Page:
The financial services industry, braced for what could be its biggest disruption in decades, is about to get an early glimpse at the Federal Reserve’s work on a new digital currency.
Wall Street is not thrilled.
As soon as July, officials at the Federal Reserve Bank of Boston and the Massachusetts Institute of Technology, which have been developing prototypes for a digital dollar platform, plan to unveil their research, said James Cunha, who leads the project for the Boston Fed.
A digital currency could fundamentally change the way Americans use money, leading some financial firms to lobby the Fed and Congress to slow its creation — or at least ensure they’re not cut out.
Seeing the threat to their profits, the banks’ main trade group has told Congress a digital dollar isn’t needed, while payment companies like Visa Inc. and Mastercard Inc. are trying to work with central banks to make sure the new currencies can be used on their networks.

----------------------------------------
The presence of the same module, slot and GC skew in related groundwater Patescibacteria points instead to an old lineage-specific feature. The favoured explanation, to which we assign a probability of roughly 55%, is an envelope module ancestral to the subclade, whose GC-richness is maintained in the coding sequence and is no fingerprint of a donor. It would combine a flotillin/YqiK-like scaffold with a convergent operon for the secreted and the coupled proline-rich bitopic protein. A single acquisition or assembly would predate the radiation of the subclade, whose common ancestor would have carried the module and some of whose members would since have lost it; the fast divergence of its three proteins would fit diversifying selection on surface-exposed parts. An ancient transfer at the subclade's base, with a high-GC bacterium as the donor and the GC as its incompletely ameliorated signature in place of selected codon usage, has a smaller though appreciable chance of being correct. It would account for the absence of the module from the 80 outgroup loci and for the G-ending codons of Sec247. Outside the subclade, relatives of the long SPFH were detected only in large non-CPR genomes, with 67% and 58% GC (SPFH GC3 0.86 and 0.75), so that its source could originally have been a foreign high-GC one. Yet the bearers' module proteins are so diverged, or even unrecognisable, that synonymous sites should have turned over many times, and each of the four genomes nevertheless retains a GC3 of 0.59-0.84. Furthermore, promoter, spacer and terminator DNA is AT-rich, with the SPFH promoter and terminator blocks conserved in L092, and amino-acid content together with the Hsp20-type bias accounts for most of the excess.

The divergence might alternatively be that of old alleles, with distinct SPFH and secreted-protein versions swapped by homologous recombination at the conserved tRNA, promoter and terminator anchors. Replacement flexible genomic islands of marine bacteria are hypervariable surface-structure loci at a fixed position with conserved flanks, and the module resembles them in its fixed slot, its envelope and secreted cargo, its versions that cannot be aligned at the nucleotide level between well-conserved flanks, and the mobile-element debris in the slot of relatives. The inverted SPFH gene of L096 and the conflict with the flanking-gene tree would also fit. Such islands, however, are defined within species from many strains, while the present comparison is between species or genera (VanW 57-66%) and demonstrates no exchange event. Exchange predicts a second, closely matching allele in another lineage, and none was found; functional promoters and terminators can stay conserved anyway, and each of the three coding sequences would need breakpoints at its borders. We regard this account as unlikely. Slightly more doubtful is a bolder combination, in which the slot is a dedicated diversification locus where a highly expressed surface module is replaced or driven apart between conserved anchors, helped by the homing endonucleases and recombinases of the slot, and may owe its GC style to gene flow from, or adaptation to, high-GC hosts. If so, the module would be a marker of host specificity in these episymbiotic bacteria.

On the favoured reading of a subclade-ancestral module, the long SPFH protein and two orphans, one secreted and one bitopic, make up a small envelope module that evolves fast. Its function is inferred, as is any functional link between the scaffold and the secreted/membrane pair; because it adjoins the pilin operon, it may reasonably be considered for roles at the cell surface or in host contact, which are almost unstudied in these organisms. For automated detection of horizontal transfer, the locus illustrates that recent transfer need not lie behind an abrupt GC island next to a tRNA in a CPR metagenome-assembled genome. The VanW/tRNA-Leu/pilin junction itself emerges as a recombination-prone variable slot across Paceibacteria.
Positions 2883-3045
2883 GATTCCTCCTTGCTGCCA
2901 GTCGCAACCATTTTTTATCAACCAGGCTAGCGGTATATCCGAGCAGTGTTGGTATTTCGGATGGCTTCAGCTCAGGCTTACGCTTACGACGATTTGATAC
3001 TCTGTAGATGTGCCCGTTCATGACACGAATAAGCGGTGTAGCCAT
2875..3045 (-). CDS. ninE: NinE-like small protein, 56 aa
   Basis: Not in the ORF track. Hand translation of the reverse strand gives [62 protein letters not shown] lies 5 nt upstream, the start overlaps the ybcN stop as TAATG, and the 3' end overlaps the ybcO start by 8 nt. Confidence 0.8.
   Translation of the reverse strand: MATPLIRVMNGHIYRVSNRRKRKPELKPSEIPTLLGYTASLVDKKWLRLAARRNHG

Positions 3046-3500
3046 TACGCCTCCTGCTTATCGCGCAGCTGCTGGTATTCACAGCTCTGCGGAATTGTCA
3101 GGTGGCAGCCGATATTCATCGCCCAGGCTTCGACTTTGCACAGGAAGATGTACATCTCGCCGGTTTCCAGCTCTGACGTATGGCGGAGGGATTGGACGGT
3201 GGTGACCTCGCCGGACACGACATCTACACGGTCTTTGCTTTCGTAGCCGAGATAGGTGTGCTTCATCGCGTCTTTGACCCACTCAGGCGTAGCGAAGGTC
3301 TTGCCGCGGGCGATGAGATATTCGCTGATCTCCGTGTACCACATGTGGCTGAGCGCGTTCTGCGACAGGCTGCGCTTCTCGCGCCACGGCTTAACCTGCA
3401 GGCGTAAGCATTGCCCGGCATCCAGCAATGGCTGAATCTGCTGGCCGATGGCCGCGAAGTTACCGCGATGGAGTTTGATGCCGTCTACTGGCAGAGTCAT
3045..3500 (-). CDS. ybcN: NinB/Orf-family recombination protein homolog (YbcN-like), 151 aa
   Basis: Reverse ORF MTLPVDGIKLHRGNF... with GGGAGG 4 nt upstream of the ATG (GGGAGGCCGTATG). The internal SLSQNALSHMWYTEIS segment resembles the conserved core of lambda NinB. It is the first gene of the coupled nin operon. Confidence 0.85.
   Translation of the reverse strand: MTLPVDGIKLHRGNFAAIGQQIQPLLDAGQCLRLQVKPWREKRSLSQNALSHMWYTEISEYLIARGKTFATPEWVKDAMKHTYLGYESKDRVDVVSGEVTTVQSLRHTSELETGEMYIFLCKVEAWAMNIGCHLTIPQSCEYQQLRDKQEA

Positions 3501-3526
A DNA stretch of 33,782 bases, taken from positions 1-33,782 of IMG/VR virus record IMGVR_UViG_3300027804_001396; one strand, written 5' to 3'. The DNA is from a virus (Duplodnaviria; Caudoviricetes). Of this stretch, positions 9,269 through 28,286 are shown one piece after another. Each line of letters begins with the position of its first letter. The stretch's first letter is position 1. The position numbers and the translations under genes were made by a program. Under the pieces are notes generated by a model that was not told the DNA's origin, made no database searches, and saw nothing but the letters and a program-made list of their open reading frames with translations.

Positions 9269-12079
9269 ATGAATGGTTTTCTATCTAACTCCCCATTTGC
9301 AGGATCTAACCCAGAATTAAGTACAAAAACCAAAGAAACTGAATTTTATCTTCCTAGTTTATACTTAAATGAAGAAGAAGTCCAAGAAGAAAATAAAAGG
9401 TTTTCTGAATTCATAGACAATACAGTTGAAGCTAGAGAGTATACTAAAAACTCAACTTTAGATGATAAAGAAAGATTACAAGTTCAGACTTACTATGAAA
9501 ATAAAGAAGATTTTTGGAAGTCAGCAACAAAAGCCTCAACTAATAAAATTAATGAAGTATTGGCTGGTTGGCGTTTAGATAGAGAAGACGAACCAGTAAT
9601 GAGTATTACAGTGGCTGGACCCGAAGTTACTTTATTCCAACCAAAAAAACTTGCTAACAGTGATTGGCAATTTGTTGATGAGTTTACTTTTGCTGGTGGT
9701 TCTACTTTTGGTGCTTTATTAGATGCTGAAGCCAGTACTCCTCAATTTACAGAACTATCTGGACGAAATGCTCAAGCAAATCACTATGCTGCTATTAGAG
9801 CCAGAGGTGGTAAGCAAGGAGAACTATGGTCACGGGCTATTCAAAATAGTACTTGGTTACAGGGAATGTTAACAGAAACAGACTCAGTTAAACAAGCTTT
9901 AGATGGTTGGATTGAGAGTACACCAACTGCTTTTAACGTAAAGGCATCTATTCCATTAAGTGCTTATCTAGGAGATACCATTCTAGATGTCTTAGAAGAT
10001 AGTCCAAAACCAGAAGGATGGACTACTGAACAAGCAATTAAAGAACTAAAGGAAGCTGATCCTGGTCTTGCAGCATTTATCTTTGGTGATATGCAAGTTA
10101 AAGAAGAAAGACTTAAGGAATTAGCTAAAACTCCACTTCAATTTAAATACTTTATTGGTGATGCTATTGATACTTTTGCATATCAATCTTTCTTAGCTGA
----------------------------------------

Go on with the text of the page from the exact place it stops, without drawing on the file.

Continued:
“Everyone is afraid that you could disrupt all the incumbent players with a whole new form of payment,” said Michael Del Grosso, an analyst for Compass Point Research & Trading LLC.
Lawmakers, U.S. Treasury Department officials and the Fed haven’t yet approved the rollout of a U.S. virtual currency, which could still be years away. Nor have they decided how a digital dollar would interact with the existing global payments network. Still, the U.S. and other countries seem committed enough to digitizing their currencies that it’s making financial industry executives nervous.
“The fire has been lit,” said Josh Lipsky, who has helped convene government officials from the U.S. and other countries working on digital currencies as director of the GeoEconomics Center at the Atlantic Council. “The world is moving very quickly on these projects.”
Adopted from Bloomberg